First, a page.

Some departments are a bit harder to take classes in because they require department approval for enrollment. These classes are often skill-based and require a certain level of understanding. Additionally, these classes tend to be smaller seminars, meaning seats can be limited or unavailable for non-majors. Mainly the restrictions are for music business courses in the Steinhardt School of Culture, Education, and Human Development, art classes in the Tisch School of the Arts, and specific business classes in the Stern School of Business.
Despite the restrictions, it’s not impossible to get a seat. After filling out a request form, you wait to hear from the department, which often happens several weeks later. Although frustrating, good things come to those who wait, trust me, I’m living proof. Both times I requested to enroll in a Tisch photography class, they approved it, and I got a seat.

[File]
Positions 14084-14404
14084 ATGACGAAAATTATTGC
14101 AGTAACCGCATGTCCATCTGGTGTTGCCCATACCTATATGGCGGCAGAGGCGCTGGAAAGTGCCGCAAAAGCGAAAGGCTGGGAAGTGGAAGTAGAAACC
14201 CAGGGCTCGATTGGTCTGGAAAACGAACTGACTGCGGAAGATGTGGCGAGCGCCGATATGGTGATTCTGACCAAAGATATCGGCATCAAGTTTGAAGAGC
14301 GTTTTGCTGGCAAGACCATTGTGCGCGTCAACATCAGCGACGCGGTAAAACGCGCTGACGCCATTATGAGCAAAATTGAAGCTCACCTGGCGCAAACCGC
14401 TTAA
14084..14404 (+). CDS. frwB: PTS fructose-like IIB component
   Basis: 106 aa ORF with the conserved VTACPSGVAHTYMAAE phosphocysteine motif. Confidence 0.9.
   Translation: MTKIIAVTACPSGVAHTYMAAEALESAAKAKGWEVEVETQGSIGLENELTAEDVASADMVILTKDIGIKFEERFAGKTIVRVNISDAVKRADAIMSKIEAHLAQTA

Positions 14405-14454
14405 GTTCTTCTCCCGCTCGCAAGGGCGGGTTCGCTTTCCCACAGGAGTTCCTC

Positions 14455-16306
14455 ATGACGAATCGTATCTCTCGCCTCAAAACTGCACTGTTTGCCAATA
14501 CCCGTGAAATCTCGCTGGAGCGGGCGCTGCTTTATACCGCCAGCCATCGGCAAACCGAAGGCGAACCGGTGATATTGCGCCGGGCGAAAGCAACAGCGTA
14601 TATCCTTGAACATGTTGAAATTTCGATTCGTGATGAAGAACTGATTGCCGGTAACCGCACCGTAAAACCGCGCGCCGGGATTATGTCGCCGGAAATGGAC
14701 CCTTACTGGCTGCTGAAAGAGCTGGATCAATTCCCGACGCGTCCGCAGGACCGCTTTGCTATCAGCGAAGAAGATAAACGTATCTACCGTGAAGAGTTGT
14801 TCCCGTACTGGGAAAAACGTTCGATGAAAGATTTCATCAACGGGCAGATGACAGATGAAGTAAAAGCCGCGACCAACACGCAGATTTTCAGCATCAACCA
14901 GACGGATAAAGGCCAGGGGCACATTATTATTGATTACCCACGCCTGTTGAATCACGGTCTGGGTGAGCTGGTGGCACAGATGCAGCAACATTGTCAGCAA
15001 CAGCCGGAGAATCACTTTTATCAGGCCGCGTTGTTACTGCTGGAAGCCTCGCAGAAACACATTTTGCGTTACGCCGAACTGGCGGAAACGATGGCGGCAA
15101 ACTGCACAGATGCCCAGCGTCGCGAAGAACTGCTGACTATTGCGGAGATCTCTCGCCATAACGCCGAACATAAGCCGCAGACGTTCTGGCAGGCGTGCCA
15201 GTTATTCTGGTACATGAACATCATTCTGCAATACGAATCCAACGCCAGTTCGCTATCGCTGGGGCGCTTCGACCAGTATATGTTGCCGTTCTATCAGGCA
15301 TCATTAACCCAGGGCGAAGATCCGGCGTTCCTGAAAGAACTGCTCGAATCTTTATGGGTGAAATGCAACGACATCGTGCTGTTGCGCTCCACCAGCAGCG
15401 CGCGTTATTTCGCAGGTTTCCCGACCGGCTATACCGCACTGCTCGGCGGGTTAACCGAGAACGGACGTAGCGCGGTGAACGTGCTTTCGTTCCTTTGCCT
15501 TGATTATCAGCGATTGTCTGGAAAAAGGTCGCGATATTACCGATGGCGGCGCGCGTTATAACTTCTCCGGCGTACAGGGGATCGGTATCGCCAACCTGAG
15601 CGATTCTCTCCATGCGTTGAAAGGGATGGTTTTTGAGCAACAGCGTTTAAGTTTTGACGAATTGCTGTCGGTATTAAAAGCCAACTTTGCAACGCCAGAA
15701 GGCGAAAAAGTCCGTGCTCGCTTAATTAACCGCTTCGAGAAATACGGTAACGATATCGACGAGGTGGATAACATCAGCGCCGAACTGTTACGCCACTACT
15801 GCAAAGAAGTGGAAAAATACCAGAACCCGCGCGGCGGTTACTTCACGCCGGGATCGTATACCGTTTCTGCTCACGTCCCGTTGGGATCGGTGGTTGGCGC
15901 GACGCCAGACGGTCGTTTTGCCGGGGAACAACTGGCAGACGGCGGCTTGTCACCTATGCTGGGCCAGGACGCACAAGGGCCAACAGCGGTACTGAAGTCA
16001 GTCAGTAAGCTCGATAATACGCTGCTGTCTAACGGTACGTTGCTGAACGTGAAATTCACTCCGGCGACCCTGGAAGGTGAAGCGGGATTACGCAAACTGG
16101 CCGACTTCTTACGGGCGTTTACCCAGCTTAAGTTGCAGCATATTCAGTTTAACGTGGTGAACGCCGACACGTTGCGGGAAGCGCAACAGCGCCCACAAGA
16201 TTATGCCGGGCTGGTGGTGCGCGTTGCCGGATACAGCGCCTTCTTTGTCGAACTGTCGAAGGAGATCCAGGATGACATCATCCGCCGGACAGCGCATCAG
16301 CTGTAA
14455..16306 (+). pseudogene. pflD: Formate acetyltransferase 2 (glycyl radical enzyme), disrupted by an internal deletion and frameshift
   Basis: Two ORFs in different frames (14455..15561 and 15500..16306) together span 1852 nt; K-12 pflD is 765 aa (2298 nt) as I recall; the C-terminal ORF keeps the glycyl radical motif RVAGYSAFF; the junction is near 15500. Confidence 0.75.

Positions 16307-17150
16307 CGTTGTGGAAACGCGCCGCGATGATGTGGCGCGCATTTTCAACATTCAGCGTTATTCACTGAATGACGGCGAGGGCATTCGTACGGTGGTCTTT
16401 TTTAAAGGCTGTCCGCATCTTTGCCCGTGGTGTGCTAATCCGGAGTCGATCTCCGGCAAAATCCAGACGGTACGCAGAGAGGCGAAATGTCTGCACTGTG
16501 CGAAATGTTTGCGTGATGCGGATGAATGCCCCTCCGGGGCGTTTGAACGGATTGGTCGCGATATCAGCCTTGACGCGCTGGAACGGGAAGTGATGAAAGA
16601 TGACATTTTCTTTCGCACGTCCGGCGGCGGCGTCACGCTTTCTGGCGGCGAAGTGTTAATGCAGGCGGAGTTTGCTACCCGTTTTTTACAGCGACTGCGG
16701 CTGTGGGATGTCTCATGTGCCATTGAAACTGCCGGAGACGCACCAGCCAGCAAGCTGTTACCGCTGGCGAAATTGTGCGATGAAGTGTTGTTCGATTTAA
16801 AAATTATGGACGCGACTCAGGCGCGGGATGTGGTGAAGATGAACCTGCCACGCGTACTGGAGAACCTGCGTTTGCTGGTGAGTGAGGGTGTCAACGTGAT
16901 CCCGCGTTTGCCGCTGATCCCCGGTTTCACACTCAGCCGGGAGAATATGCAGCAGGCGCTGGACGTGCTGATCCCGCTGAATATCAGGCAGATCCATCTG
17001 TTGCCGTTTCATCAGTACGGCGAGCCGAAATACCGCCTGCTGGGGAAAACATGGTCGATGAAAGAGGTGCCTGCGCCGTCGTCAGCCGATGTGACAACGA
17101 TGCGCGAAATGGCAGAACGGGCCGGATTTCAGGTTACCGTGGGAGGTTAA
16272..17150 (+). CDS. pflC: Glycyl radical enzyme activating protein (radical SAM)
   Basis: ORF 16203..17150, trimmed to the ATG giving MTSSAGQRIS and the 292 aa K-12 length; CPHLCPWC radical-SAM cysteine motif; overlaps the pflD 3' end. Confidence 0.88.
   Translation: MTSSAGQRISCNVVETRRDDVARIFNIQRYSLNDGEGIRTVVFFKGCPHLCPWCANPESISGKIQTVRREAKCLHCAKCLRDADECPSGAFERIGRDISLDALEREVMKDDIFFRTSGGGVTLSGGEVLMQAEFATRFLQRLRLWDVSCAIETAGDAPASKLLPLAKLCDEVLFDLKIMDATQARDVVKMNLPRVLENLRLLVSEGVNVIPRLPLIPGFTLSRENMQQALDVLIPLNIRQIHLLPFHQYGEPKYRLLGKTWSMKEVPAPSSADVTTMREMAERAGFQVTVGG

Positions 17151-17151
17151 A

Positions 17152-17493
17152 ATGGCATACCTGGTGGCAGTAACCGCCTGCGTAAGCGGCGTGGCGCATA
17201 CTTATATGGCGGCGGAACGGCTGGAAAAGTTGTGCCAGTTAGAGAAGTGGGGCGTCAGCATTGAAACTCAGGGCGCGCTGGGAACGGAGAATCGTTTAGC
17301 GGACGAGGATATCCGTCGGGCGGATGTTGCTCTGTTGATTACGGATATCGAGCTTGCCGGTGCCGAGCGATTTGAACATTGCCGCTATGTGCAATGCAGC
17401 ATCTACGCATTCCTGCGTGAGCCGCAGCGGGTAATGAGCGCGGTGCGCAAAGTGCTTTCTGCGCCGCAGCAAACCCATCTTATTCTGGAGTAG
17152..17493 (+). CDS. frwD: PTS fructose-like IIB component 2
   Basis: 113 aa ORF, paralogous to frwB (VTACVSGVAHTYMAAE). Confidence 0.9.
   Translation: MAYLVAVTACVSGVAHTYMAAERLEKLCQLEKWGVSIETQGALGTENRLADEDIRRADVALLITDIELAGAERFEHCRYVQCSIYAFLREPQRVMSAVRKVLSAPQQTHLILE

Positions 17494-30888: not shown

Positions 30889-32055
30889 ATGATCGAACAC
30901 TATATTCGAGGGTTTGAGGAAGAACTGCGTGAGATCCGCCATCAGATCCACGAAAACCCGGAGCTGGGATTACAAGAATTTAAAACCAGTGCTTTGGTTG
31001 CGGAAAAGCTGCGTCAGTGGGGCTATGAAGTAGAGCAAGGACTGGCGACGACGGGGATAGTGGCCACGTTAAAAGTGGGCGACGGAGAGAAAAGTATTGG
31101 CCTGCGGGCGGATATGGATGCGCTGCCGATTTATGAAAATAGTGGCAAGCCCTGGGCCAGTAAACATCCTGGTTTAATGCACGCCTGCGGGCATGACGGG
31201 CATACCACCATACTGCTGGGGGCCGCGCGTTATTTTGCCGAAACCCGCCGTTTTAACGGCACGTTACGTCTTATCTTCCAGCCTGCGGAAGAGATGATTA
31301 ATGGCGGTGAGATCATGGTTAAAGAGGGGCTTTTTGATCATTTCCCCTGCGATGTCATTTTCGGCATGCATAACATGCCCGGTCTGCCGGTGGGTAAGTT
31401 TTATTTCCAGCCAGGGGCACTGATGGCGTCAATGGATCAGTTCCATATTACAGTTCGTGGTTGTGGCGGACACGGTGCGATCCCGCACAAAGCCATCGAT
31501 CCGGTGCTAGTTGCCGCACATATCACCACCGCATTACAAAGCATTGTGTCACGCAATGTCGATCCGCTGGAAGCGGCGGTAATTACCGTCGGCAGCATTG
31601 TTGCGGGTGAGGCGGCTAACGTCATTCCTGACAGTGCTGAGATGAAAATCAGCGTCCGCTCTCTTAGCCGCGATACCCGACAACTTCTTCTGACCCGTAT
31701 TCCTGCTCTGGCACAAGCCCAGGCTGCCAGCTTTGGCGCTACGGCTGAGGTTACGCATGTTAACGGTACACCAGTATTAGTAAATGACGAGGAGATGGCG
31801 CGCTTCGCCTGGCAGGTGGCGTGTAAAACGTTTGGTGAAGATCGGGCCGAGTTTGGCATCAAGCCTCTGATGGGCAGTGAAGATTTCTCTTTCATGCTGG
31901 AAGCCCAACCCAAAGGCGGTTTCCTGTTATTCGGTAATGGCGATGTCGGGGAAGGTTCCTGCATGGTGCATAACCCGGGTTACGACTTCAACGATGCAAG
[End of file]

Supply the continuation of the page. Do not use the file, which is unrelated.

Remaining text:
You Don’t Have to Stick to a Plan
Going to college can be stressful, and many students apply to Gallatin with a preset plan for the next four years. But where there’s no proper “next step,” sticking to the program in your head can increase that stress. Gallatin was design to let students explore. You’re encouraged to develop your passions, all while finding new ones. Regardless of the path you take, you’ll always be learning and growing. Don’t fear letting go or trying something new. Most Gallatin students veer away from their initial plan, and things often work out for the better. We have fun and make new connections while learning to think creatively and falling in love with something new.